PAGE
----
A complaint shall in writing be submitted to the head of the Procurement Entity either before the or after the procurement contract comes into force. The Procurement Entity shall within 21 days after the submission of the complaint, issue a written decision concerning the complaint.

Administrative Review

If a supplier lodges complaints to the Procurement Entity and the Procurement Entity’s response/decision doesn’t suit the supplier, an official complaint is sent to the Public Procurement Authority (PPA).

  • Upon the receipt of a complaint, the authority shall give notice of the complaint promptly to the Procurement Entity.

The decision by the Authority may be either;

  • Declare the legal rules/principles that govern the subject – matter of the complaint
  • Annul in whole or in part an illegal act or decision of the Procurement Entity.
  • Revise an illegal decision by the Procurement Entity or substitute its own decision for the decision of the Procurement Entity.
  • Order that the procurement proceeding be terminated.

Disposal of stores, Plant and Equipment

Authority to dispose

  • The head of a Procurement Entity shall convene a Board of Survey comprising representatives of departments with surplus, unserviceable and absolute stores and Plant & Equipment.
  • The Board of Survey recommendations is approved by the head of the Procurement Entity as to how to dispose the stores.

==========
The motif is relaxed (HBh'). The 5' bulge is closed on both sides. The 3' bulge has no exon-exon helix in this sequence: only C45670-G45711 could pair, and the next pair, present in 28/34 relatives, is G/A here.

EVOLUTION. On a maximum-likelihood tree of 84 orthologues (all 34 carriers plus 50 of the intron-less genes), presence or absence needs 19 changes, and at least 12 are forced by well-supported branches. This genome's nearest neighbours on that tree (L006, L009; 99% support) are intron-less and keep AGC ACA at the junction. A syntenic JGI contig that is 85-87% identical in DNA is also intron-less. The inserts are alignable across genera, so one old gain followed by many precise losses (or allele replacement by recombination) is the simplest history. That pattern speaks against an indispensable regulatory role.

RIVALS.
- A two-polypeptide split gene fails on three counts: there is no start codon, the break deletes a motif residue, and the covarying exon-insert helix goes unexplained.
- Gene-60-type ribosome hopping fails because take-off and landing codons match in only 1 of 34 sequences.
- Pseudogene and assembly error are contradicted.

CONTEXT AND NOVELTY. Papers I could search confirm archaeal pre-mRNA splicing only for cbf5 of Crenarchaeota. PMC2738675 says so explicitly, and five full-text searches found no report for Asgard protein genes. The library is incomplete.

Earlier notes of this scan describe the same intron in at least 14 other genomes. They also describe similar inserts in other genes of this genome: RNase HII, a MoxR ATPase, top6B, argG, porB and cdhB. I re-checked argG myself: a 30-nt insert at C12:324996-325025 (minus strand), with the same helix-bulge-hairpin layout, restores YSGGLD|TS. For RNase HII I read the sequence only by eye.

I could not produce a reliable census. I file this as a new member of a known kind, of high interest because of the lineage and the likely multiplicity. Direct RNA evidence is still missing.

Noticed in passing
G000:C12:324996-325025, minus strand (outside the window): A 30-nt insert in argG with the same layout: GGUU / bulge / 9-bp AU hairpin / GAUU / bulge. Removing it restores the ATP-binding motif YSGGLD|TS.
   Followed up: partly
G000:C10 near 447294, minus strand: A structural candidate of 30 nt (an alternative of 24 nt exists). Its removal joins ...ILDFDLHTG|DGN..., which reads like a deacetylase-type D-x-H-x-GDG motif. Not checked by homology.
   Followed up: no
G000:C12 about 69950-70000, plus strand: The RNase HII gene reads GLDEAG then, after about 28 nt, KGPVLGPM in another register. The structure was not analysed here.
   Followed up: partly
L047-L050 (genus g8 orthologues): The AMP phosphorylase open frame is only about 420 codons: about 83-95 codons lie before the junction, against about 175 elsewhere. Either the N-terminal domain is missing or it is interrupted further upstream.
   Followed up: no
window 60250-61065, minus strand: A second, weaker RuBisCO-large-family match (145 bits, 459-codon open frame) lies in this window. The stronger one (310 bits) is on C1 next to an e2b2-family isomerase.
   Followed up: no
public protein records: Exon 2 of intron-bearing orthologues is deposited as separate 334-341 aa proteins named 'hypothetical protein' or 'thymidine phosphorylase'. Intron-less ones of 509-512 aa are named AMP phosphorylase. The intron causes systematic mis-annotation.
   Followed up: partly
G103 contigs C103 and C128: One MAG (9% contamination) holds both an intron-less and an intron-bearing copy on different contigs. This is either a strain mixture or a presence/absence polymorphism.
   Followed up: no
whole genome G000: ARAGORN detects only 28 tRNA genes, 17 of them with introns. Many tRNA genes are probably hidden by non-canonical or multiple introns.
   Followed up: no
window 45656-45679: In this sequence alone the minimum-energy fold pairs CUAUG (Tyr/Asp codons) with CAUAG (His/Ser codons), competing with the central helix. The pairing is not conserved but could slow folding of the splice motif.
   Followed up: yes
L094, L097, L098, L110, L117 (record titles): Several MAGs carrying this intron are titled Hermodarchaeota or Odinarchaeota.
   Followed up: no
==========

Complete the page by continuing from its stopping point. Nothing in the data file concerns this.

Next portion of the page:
Procedures for Disposal

  • Transfer to government departments
  • Sale by public tender to the highest tender(s)
  • Sale by public auction
  • Destruction, dumping or burring as appropriate.

Procedures for Procurement at the District Assembly Level (Local Government)

  • The storekeeper or head of spending units raises requisition by completing the Activity and Expenditure Initiation forms which is approved by the Heads of MDAs/MMDAs/Administration.
  • Procurement Officer makes requests for quotation by inviting bids from potential surplus.
  • Tender Committee reviews the bids and selects a supplier.
  • The Procurement Officer prepare the Purchase Order and sent to the Accountant to ensure that the transaction is properly charged and to commit the transaction against the Budget Allocation (Warrant) of the MMDAs.
  • The accountant authorizes the Purchase Order and approve by the Head of the MDAs and MMDAs as a warrant
  • The Purchase Order is sent to the supplier, goods is received and inspected by storekeeper and the Audit team.

WEAKNESSES OF THE PUBLIC PROCUREMENT IN GHANA

The procurement Act of Ghana, Act 663 (2003), was enacted and promulgated by parliament of the republic of Ghana to, among other things; bring sanity and conformity to public procurement by instituting bodies and principles that harmonizes the public procurement process and activities.

Even though the Act is good, it has some disadvantages which may include the following:

  1. Lack of Clear Procedure for Emergency Procurement
  2. Slow Pace in Regularizing the Draft Regulations
  3. Lack of Qualified Procurement Personnel
  4. High Cost of Advertisement

 

Public Procurement Authority, OECD Principles